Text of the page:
Last Sunday in worship, one of our new members helped with communion. Now this, in itself, is not unusual because I want people to help with church. I encourage them to work in church to make it successful. Ultimately, it is the congregation that makes church succeed. When (in my more delusional moments) I think it is me, I am reminded harshly – even gently – it is God and the congregation making us thrive.
Anyway, on Sunday, our new member, confined to a motorized wheelchair, with one arm that barely works, held the bread in his working hand for all the congregation to come forward to partake. As they came forward, I offered a healing blessing with oils at the back of the church. The two serving communion – one in a wheelchair, the other who works for Partners in Progress (PIP) a community organization for individual with special needs – were in themselves unusual. Even so, the most unusual part came toward the end of communion.
In our congregation, we serve those who cannot come forward in their seat. This being the custom, our new young member wheeled his chair to the pew where a 92-year-old woman waited for communion. As he got to her, he adjusted the chair so that she would not have to reach too far, and held out the bread as far as his arm could reach. She took her piece and then, from our PIP server, took the juice cup. After he finished serving this woman he wheeled back and she walked back to serve each other and wait for me to come back from anointing.
I, standing in the back of the church watched this, then continued watching as the communion serving played itself out. First, our wheelchair-bound young man held out the bread to his co-server, she took her piece and consumed her juice, then she took the bread and offered it to him. At that point, he needed more help to get the bread and juice so another congregation member that works at PIP came forward to help. I could only stare as these three helped each other with this sacred meal.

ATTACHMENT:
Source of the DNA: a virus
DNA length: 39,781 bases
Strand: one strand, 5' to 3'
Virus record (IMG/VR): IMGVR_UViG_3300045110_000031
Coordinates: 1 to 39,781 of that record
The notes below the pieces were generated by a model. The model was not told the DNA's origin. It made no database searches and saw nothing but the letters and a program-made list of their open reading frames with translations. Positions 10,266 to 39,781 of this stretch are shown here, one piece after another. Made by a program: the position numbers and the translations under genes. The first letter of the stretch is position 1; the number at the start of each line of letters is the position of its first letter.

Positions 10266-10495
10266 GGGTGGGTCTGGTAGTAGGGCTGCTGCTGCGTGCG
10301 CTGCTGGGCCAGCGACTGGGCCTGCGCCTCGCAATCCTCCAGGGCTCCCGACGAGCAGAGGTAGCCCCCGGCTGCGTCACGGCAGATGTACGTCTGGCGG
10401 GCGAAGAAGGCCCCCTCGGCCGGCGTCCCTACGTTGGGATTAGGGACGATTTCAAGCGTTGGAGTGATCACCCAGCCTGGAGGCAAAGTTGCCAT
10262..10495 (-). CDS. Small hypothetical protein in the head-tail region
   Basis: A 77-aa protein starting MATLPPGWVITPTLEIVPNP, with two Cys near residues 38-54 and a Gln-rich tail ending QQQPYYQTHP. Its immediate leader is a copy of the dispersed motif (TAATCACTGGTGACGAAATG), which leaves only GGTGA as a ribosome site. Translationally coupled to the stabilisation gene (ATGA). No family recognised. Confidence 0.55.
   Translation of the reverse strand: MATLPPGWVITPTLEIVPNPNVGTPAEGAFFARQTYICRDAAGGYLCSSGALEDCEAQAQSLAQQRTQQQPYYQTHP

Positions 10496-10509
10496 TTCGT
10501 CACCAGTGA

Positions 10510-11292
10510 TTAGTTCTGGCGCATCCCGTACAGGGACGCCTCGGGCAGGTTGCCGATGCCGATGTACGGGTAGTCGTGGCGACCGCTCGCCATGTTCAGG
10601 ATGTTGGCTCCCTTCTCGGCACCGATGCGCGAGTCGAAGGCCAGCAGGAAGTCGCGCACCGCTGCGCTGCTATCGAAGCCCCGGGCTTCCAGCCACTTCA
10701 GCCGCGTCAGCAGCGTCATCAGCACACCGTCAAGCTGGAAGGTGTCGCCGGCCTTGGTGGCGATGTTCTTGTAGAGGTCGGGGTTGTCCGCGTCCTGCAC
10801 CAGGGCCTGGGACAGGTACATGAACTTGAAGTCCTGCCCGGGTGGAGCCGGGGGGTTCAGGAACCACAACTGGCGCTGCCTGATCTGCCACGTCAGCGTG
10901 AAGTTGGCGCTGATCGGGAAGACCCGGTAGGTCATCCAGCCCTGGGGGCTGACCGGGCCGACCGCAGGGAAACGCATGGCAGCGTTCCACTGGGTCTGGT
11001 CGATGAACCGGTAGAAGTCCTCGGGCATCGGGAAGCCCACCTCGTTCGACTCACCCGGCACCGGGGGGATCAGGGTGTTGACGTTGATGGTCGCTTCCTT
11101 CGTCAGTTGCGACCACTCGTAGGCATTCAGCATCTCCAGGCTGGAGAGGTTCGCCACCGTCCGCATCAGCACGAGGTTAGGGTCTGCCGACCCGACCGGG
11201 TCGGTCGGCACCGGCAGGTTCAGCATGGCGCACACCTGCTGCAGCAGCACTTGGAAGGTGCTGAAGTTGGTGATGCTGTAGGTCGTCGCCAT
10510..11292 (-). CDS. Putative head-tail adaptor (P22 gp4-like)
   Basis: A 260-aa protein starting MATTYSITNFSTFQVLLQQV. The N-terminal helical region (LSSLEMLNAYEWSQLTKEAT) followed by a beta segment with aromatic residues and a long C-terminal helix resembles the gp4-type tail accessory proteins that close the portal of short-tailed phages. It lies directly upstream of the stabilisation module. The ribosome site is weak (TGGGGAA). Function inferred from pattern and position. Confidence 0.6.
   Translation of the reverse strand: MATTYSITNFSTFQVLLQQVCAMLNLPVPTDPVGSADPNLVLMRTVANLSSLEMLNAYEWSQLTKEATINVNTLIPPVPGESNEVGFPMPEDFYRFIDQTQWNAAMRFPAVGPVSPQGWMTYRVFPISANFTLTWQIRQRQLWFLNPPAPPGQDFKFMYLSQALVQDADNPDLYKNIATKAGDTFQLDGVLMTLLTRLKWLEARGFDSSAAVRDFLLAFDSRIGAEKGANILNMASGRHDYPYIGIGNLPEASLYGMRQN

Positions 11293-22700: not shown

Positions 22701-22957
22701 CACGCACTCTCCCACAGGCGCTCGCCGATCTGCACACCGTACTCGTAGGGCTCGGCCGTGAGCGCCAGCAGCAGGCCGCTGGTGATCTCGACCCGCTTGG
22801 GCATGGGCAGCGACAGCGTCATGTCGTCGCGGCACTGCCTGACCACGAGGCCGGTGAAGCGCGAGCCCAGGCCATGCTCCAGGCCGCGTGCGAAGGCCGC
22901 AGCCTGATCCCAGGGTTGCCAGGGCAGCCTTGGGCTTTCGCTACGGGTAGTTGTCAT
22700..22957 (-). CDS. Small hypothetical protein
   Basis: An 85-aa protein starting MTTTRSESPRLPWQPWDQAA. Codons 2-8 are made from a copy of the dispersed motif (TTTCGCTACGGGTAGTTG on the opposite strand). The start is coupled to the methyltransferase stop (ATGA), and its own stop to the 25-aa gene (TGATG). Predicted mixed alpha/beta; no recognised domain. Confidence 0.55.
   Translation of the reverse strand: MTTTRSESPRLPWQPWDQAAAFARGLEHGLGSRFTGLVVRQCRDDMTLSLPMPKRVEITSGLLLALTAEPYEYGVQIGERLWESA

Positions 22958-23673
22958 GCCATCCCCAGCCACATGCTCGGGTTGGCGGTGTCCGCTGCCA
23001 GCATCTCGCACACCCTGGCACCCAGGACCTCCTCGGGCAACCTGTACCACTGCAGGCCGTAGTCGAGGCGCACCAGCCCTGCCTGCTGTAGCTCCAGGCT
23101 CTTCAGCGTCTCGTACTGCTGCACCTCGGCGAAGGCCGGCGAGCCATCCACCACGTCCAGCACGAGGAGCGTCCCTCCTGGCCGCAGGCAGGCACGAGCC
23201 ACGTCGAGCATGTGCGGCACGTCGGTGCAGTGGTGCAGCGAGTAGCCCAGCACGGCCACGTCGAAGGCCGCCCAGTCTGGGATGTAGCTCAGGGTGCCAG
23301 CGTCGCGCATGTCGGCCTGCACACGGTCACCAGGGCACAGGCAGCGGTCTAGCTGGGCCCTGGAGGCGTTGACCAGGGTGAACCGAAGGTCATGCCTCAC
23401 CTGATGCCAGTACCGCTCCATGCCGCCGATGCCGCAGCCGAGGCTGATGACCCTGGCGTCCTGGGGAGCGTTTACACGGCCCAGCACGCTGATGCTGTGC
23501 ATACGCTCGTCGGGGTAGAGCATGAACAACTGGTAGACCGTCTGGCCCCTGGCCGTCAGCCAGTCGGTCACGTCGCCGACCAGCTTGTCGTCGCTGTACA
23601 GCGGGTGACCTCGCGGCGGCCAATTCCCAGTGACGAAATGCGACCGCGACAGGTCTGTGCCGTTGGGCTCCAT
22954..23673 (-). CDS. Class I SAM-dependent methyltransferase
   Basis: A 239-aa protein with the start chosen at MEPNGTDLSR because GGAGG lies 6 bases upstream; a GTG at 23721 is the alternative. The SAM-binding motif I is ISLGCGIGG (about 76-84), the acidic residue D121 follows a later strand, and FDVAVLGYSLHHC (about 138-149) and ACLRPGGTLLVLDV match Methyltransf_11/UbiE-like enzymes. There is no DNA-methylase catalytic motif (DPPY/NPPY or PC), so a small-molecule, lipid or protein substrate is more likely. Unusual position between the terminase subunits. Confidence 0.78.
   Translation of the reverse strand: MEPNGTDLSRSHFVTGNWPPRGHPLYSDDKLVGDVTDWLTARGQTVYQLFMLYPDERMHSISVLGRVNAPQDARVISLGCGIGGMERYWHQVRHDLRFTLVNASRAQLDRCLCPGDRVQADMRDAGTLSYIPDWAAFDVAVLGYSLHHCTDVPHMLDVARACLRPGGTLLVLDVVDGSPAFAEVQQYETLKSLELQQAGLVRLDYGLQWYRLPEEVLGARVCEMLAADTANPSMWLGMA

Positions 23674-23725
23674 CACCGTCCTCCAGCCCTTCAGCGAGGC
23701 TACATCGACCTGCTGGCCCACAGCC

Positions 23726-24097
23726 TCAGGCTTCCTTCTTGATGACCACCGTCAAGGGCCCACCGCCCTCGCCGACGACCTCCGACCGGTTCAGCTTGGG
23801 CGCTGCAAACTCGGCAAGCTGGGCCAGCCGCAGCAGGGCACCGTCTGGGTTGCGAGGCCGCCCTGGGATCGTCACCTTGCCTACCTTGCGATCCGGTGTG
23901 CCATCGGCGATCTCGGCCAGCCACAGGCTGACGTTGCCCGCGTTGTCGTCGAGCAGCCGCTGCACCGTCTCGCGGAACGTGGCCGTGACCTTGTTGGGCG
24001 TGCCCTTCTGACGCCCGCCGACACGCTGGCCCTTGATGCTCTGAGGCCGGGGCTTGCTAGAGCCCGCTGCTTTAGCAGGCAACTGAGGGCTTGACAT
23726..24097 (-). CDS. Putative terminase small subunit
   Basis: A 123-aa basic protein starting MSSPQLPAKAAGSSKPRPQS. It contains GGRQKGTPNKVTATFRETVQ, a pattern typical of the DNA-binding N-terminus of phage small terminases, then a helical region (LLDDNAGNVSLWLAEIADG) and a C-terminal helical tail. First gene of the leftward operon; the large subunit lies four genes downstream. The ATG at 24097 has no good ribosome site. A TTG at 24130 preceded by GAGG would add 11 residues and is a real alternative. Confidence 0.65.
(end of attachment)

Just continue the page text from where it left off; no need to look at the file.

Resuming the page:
As a church planter when I came to north central Pennsylvania, I expected to attract the liberal-minded professors and their families to our new church. For the most part, they have stayed away in droves. What we have is the most diverse congregation in the county. We have diversity in race, education, income, ability, disability, age and singing ability (I am low here). We have the best musician you can find who seems – though he is going through a spiritual crisis – to really like our congregation.
I was relating my intention to write this blog to a friend this morning as we drove to Galeton and she reminded me of her favorite line: “If you want to make God laugh, tell God your plans.”
What I need to end with is this: our congregation is small – growing – but small. Yet, we have the biggest hearts of any congregation I have ever known. If church is about everything and everyone being part of God's place, then we ARE church. And I thank God that we are!